Indonesia has a population estimated at 260 million in 2016, out of whom about 23 million are youth (15-24 years old) . The population ratio between women and men is almost equal, with 51% for the former and 49% for the later. The total working age population (15yrs +) of Indonesia in 2016 was estimated to be slightly over 189 million people.
The 2016 Human Development Index report shows that Indonesian women development index stood at 0.660 while the index for men stood at 0.712. Women in Indonesia have lower human development index due to their low participation, among other things, in employment and politics.
The International Labour Organization report shows in 2016 only slightly more than 50% of working age women participate in the labour market compared to more than 80% of men. This trend has remained virtually unchanged over a decade. The labour force participation rate of women at 50.8 percent in 2016 was almost identical at 50.7 percent in 1996.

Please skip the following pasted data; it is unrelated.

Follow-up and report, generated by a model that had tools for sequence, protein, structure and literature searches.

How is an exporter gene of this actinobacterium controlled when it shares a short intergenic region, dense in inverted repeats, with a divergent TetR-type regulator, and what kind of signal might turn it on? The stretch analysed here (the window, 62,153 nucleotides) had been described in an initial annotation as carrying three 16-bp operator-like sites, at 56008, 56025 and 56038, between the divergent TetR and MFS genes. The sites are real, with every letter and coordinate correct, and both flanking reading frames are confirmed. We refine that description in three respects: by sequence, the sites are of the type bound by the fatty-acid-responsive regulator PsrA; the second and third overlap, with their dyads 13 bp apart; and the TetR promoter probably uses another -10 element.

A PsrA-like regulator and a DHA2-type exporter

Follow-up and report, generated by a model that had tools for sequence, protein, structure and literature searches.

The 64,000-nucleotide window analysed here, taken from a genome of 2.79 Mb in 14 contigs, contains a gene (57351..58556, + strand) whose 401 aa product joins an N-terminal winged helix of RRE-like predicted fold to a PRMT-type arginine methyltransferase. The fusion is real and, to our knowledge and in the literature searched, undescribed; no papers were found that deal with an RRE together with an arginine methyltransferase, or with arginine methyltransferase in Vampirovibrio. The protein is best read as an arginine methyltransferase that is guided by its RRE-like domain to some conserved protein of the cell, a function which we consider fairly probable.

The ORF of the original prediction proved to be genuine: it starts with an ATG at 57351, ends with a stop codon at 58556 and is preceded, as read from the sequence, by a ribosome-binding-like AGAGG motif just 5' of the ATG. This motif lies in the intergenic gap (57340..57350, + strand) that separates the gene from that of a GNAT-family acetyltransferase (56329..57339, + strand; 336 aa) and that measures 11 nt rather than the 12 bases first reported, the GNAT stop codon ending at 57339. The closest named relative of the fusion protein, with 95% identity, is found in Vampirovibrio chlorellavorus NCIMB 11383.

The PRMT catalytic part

The proportion of the working age population that have completed senior school, diploma, and tertiary level education increased in the last decade. More and more women enrolled in the formal education, nearly closing the education participation rate gap between women and women. The literacy rate of men and women age between 15-14 years is almost the same at about 99% . However, there is still a significant proportion (41 percent) of the labour force in 2016 that had only completed primary school or never been to school.
Gender pay gap is still persistent in Indonesia. On average, women earn 30% lesser compare to similar qualified men. Pay gap even existed between women and men who completed higher education, at about 14%. Stubborn socio-cultural values on gender roles likely one of the primary causes of the issue in question.